So, the first factor of awakening is mindfulness. And, and it's not simply just being mindful. But it's really being really settled into the mindfulness, really having it beginning to flower and, and awareness begins to have a little bit of a life of its own. Where it's really up to us. When it's really strong it's really hard not to be mindful. It's kind of like this is what is coursing through us. This is what's most alive. This is what's your most this lifeforce of awareness is what has space and what everything has been cleared away. And it's a fantastic feeling to have really be really established in mindfulness. This idea of Sati mindfulness, the way it's talked about is that it's not just mindfulness we're cultivating. But it's also mindfulness awareness, centered on four subjective areas of our life. And these subjective areas of our life are not meant to be at exclusion of the world around us, but rather to really tend to the subjective way that we are. So that how we are subjectively can be in harmony with the external world or be connected the external world, in a good way and, and hopefully attuned to the external. So the inner and the outer, become attuned to each other an important way. But the idea is to start here, in this subjective experience, and there are four areas. There's the area of our physicality, be attuned, be aware of our subjective experience of being in a body. The subjective experience so the feeling tones, the hedonic tones of pleasant and unpleasant. The subjective experience of states of mind how our mind is. And the subjective experiences of the inner processes that come into play, that keep us either contracted and caught, or which allow us to open up and be free. These subjective experiences then the Buddha called the ancestral homeland, they're the place of refuge, that we have a refuge inside, in a certain way, being with our subjective experience in a certain way, is a place of safety, is a place of deep home, being connected here. And so and so what is it to really rest or be at home, in oneself? It's an experience that not many people have. There's a lot of challenges that people have and tremendous challenges in this life. That sometimes make it very hard to feel that you can rest or trust to really settle in to your direct experience here and really feel it. And part of the process of practice sometimes for years is this noble and wonderful path of awakening. The deepest capacities we have to be aware. Exactly what awareness is my favorite translation for Sati is not mindfulness, but rather awareness. But what Sati is, what awareness is, we probably don't want to specify too exactly. Because it's probably some combination of all the different attentional faculties we have, this miracle of attention, this miracle of how our psychophysical bodies can have the capacity to register, to perceive, to take in a tremendous amount of information that we call that through through the vehicle of attention or awareness. And so we have the ability to know in our mind, we can know what's happening, we can recognize something. We can recognize that I'm breathing. We can recognize that this is an inhale and this is an exhale we have the ability to feel, to sense the experience of breathing, we can sense and feel the pressure and the release of pressure, the movements of the body as we breathe. As we breathe in, we can feel the expansion of the ribcage perhaps and as we exhale the collapse of it. And, and so this idea of we can sense physically, almost like we're getting a massage is another attentional faculty we have, we can be aware of the, the feeling tone of the experience, we have these nerve endings that allow us to feel pleasure and pain. And so to feel what's pleasant and unpleasant, the experience is a very important part of the human experience. And that also, we can tune in to the pleasant and unpleasant of is that allows us to make adjustments sometimes and to appreciate more it's pleasant and nourishing and supportive. And, and even with the breathing. It's possible to sense what's pleasant in the breathing. And what may be is not so pleasant and uncomfortable, and to learn how to be attuned and aligned and is aware of these pleasant and unpleasant in a supportive way, so that our willingness to be here and present for it all is stronger. It's also possible to just settle back and observe the experience. Vipassna means to see clearly. And the idea of seeing is a metaphor which the Buddha used a lot and very prominent in Buddhism. And so the idea that somehow with the inner eye, we're kind of settling back in the image that is used actually, sometimes in the suittas is leaning against the tree with a pasture in front of us, and just kind of allowing the mind to gaze and be aware and, for me, it's kind of like leaning against a tree and watching a river go by. The sense of ease and relaxation, settling into oneself. And this just watching the phenomena flow and in a nice, comfortable, easeful way that will watch you as you watch a river go by. So this capacity to observe is also part of mindfulness. In fact, traditionally, the capacity to observe is considered a very advanced form of mindfulness practice. So in saying all this, I'm saying that we have a lot of different attentional faculties. Another one that the Buddha didn't talk about, is appropriate perception, we have awareness of where our bodies is in space and where the different bodies are in relationship to each other in space. So when we say the word here, but that's, you know, something, what I'm pointing to is the capacity to settle back, open up and allow all the doors of perception, all the ways we have to be aware to be open to not go out to experience not try to make something happen. But to see what you know, all the windows are open, what what breeze is come into the house, what smells from the garden come into the house. So when you sit in open here, and it's for me, it's kind of like a movement of both opening and settling, to say that here and just like here. And then when I open my hand to here, then the sensitive part of the palm is available to feel and sense what's here. That it can't feel when it's closed up. And so for mindfulness to be this natural capacity for attention, to give it a chance to operate, to give it a chance to be here. And so though the single word that I like to use to represent the practice of Mindfulness is the word here. And you might as you go through today, say the word not the regularly to yourself, not the way that you would say, command to a dog to come here, but rather almost like a lover almost like a some you know here, here, like a gift here, here I am as a gift, and an experience, whether it is what's here. And if you're reading the news, or watching the news, is there some way of watching deeply and fully and even feeling all the difficult emotions that might come challenging, strong emotions might come. Is there some advantage, some benefit to waking up to here in the middle of that, that gives more space for that, that allows you to be there somewhat independent of the reactivity and rush to judgment, the rush to contract or give up or something here. And then each day I'll give a different word for the seven factors of awakening, a little practice word that kind of, hopefully can open this experience for you as you go through your day.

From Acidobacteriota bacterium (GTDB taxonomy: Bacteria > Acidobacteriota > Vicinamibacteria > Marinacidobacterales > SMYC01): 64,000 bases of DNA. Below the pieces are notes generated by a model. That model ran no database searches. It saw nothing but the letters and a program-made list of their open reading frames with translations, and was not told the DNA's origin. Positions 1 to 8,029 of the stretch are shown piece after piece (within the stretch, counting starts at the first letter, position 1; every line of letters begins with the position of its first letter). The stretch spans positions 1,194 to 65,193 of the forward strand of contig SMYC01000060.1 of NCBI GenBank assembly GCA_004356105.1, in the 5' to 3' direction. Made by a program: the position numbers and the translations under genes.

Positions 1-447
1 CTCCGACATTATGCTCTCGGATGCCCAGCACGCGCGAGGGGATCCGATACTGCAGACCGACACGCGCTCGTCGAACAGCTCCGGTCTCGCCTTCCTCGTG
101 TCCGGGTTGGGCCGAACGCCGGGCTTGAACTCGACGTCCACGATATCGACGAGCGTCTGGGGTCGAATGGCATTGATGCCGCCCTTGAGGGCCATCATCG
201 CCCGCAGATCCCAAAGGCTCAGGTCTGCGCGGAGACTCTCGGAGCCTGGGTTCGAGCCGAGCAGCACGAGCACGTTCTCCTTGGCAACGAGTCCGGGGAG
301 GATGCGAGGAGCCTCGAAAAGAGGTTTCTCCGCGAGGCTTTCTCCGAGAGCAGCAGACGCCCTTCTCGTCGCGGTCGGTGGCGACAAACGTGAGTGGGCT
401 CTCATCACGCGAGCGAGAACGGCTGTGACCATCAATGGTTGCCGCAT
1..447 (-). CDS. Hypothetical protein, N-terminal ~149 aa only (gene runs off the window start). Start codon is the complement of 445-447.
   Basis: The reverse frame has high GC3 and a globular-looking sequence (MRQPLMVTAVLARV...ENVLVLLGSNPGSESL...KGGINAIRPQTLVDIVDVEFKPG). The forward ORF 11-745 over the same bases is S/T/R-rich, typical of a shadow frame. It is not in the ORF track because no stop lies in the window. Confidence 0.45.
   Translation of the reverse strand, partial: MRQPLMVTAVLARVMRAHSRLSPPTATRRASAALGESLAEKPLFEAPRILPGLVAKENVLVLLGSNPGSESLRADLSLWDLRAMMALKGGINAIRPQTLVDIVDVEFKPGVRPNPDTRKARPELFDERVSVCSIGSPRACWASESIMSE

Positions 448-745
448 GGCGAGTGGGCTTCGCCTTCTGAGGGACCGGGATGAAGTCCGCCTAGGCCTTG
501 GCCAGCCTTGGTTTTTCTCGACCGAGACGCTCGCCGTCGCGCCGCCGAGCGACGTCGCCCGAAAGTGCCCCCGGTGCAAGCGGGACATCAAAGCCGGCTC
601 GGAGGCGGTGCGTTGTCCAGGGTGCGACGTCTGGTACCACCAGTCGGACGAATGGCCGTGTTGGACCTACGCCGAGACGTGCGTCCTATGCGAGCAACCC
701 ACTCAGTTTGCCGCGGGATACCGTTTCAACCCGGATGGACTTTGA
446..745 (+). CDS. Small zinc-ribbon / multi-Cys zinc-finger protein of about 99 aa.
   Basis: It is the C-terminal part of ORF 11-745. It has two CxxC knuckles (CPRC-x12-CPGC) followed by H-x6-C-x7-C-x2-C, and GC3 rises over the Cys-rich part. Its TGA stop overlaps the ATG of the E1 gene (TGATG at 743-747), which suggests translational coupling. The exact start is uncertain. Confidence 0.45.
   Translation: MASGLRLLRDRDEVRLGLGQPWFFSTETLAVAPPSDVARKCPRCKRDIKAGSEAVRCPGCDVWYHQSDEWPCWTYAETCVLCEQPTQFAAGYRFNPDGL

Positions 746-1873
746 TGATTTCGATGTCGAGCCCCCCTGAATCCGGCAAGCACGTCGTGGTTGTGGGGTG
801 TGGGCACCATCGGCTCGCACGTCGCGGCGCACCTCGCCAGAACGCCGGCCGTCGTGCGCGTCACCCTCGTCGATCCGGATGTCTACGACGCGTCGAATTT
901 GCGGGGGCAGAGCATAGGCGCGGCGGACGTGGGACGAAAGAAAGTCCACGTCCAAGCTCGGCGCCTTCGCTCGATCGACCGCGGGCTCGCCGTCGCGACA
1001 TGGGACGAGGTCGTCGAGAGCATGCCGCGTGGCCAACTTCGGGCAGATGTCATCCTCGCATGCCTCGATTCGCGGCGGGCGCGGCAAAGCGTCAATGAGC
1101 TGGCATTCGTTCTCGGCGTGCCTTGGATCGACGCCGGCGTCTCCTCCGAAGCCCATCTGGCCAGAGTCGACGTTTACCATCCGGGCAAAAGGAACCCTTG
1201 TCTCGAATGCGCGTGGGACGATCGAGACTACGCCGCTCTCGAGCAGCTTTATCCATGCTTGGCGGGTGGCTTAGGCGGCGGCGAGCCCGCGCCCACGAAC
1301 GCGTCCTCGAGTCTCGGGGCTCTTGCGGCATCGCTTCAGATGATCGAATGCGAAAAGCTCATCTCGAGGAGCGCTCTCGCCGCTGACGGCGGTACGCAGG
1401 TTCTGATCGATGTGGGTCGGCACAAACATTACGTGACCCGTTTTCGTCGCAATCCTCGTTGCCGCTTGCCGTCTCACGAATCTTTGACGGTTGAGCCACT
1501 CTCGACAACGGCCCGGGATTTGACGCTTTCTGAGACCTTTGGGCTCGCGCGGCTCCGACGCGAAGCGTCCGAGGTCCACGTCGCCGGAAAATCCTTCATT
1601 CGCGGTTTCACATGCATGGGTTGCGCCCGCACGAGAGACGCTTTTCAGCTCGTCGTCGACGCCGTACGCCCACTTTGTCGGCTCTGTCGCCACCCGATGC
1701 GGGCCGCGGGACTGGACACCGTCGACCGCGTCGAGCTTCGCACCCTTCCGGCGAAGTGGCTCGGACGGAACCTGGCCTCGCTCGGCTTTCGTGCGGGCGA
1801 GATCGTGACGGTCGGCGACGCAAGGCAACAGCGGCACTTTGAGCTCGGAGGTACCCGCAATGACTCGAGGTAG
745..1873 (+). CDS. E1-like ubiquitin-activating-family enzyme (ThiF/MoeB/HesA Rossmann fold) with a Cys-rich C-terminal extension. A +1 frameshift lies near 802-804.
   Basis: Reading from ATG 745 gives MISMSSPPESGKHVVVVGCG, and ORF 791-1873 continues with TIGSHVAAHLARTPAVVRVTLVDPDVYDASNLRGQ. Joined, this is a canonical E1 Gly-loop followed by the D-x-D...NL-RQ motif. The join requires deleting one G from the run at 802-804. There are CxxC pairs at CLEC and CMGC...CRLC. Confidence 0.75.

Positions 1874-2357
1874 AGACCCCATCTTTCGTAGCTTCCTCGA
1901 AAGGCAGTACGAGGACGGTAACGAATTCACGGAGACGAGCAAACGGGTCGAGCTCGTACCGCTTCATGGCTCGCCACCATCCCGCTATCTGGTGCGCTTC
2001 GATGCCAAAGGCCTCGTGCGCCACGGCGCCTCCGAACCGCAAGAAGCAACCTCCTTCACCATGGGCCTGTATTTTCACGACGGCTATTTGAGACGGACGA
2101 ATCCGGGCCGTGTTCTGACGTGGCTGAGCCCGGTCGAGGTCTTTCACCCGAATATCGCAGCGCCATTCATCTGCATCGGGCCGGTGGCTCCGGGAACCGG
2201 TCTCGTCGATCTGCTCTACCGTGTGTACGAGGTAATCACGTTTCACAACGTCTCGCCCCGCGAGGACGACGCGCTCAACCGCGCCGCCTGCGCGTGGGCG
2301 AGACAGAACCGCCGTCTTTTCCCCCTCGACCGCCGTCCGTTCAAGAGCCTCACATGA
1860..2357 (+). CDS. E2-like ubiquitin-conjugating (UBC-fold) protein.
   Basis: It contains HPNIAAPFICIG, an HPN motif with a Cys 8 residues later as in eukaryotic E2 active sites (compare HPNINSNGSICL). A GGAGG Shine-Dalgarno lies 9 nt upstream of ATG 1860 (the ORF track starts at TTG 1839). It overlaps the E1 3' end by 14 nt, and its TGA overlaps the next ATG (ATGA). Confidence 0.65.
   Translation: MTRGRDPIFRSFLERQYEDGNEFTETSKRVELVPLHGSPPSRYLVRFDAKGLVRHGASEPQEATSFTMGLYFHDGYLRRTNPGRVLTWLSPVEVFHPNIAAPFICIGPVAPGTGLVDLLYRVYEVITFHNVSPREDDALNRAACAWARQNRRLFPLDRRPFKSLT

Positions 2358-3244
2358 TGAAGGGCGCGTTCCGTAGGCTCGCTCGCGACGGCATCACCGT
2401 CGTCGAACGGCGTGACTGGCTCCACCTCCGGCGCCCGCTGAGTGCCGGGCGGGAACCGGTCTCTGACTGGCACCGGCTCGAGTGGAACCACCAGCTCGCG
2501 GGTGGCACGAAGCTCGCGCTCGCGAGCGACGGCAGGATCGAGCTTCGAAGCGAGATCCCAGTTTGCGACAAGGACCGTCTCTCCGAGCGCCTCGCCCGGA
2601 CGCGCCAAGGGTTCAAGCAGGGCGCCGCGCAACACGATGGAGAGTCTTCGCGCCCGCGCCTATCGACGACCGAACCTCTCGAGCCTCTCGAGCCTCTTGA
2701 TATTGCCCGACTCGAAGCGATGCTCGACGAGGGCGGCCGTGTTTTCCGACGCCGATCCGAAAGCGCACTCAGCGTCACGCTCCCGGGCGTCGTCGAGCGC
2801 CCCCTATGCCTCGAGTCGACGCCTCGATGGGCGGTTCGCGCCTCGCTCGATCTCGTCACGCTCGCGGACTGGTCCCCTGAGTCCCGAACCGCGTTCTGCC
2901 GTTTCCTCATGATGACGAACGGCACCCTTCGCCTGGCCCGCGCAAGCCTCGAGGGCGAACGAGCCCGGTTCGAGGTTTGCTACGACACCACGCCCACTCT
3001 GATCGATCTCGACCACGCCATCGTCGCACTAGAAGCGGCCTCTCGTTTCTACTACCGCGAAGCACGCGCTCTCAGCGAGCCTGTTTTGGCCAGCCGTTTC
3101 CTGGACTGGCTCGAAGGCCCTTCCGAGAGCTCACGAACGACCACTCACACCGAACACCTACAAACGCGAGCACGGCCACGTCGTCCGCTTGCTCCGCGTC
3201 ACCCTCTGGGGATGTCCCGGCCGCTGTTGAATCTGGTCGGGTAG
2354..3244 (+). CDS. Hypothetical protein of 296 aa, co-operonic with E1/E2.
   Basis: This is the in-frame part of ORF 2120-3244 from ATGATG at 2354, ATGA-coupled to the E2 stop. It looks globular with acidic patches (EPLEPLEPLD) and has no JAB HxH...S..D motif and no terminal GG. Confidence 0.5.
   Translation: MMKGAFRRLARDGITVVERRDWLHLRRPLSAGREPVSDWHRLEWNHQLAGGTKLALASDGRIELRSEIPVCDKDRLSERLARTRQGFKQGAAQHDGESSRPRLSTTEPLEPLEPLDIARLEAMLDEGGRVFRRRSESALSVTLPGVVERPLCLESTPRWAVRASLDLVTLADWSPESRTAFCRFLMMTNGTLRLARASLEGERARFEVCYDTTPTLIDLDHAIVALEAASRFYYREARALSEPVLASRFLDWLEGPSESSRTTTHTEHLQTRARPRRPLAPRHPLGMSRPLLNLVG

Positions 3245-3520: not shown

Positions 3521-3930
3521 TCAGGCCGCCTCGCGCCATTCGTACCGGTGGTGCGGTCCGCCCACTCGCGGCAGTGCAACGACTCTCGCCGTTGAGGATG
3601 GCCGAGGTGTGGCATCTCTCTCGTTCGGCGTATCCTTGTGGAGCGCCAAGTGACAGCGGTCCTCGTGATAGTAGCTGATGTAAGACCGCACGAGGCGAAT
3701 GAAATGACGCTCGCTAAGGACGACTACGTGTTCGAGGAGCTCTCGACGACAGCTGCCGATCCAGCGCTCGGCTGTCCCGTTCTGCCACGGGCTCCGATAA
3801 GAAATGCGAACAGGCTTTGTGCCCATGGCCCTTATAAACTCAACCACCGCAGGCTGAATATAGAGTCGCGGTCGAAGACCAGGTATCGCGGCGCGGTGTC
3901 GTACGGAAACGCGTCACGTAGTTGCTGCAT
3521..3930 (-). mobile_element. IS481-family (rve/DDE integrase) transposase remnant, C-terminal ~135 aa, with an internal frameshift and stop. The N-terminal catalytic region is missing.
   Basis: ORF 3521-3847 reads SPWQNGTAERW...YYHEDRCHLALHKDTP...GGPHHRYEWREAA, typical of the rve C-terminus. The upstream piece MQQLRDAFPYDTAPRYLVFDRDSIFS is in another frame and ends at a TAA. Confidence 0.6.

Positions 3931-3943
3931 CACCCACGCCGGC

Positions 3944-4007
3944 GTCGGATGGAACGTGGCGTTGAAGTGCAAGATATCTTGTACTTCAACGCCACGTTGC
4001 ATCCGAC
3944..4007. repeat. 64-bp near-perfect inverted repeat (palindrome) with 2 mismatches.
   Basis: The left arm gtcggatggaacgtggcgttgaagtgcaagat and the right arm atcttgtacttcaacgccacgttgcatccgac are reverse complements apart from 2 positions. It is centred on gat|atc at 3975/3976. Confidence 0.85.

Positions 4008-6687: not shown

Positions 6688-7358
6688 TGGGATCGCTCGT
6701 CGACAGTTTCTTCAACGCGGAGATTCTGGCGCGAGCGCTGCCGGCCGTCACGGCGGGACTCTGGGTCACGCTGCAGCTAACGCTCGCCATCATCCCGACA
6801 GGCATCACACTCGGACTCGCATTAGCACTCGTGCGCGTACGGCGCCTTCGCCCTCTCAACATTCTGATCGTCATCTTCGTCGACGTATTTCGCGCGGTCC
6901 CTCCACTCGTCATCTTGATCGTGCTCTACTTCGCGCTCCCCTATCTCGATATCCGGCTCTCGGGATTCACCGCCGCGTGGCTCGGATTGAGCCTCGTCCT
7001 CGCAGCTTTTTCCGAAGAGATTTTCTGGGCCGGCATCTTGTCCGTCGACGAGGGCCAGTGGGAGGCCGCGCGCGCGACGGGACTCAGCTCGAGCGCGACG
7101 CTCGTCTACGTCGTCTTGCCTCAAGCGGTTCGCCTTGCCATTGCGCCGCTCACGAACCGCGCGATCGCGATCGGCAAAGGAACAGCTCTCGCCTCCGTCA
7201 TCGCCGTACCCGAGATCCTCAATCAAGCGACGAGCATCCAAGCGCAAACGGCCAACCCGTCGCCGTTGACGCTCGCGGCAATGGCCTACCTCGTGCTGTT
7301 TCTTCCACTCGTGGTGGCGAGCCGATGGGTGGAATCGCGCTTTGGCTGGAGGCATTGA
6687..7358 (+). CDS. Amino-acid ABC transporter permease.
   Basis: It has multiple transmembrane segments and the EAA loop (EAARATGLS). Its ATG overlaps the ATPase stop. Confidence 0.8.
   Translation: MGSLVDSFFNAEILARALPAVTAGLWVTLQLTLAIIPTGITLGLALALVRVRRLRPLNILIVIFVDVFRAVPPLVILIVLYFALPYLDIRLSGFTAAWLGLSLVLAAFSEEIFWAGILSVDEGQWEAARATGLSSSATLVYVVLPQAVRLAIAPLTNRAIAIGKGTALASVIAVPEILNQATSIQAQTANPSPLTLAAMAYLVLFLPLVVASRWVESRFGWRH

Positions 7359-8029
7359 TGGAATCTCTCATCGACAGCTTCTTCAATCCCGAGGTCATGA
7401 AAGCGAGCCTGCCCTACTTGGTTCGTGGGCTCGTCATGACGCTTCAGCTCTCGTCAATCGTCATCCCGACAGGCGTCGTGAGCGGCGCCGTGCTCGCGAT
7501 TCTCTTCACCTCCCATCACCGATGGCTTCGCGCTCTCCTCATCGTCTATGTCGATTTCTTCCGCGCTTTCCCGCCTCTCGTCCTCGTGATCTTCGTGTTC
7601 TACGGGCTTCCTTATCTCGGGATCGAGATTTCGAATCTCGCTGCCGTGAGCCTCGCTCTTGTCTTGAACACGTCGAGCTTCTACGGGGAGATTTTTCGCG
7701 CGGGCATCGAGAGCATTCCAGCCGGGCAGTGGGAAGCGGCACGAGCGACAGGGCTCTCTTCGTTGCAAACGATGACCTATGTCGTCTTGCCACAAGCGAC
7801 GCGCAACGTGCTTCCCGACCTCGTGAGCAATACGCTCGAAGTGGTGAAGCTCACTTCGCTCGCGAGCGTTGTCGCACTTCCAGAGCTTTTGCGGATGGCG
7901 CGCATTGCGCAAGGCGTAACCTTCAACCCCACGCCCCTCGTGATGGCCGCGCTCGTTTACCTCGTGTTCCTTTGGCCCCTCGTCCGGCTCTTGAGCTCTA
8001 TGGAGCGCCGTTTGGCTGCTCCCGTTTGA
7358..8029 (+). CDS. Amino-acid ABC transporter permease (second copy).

So the seven factors of awakening are in you. They're part of you, they're in you, and may this practice, awaken what's in you, these wonderful qualities, so that you can be a benefit to this world. Thank you.